Wednesday, October 22, 2008

Thoughts on Orphans

Peter Brantley has a thoughtful piece on digitization and orphan works. The essay is a prelude to a series of articles he edited for the journal Library Trends (Link).

Here is a sample from his introductory essay:
Like many, I’ve recently been thinking a lot about the availability of books in online searchable repositories, and the likely outcomes for publishers, libraries, and the public. I have even been considering the impact of a rapprochement between publishers, authors, and Google over books whose availability is most savagely contested, largely because their legal status has been brought into a hazy dawn of uncertainty by the startling recent shifts in availability that catch them stranded between public goods and private property.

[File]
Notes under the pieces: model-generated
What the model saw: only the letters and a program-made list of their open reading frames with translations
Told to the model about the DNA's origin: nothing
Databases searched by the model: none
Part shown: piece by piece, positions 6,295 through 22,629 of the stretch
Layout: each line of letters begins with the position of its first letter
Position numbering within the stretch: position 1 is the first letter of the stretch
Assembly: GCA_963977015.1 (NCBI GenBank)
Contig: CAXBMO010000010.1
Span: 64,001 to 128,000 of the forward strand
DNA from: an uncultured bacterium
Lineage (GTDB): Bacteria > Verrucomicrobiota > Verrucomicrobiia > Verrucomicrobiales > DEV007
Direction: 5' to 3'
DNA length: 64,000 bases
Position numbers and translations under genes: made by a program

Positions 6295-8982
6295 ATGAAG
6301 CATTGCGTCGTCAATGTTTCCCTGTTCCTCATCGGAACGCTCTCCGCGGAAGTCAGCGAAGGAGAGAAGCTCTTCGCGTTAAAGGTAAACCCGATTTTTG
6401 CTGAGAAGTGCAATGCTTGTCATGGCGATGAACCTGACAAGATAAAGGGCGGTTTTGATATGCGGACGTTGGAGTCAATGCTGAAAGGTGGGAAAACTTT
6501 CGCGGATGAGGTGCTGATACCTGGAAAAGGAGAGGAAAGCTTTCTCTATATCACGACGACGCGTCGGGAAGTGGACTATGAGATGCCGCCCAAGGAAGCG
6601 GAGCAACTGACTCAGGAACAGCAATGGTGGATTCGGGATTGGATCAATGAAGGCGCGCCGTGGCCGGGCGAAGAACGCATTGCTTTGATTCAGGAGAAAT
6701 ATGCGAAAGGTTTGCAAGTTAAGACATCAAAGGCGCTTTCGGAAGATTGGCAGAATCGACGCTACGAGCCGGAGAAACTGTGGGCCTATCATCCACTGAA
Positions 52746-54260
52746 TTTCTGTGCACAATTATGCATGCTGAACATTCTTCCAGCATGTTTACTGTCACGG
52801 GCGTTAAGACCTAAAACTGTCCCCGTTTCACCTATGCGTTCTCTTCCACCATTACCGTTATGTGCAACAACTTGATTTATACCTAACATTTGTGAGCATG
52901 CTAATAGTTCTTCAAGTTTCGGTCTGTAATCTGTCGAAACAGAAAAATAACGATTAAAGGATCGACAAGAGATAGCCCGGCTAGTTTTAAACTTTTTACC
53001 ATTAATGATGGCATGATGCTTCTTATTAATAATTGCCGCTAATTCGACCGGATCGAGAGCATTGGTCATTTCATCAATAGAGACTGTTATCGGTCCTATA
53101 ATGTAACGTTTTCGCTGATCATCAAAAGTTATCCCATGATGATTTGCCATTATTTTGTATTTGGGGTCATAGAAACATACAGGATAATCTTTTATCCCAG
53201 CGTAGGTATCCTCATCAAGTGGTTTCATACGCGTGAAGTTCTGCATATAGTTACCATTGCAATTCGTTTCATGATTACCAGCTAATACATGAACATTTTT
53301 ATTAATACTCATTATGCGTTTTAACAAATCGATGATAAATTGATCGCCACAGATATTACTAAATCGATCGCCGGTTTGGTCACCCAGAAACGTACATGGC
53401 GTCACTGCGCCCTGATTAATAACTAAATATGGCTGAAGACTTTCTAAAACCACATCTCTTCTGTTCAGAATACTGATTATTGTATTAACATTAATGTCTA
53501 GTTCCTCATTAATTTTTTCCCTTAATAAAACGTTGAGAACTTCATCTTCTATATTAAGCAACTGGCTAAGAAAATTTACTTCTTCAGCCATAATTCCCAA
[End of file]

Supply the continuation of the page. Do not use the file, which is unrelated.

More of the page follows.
A significant portion of these implicated works are likely to be out-of-print, of uncertain copyright status, and no longer present in any publisher’s archive—available only in the less-visited shelves of the largest research libraries. This substantial category, numbering in the millions of books, would undoubtedly incorporate a large number of what are called “orphan works,” where the presence of any identifiable copyright owner in the work, or its constituent parts, is not known, and resilient to easy resolution as a result of poorly recorded mergers and acquisitions, lost archival contracts, publisher insolvency, and myriad other reasons. In turn, some of this orphan material is almost certainly public domain; the original copyright never renewed, and long since expired.

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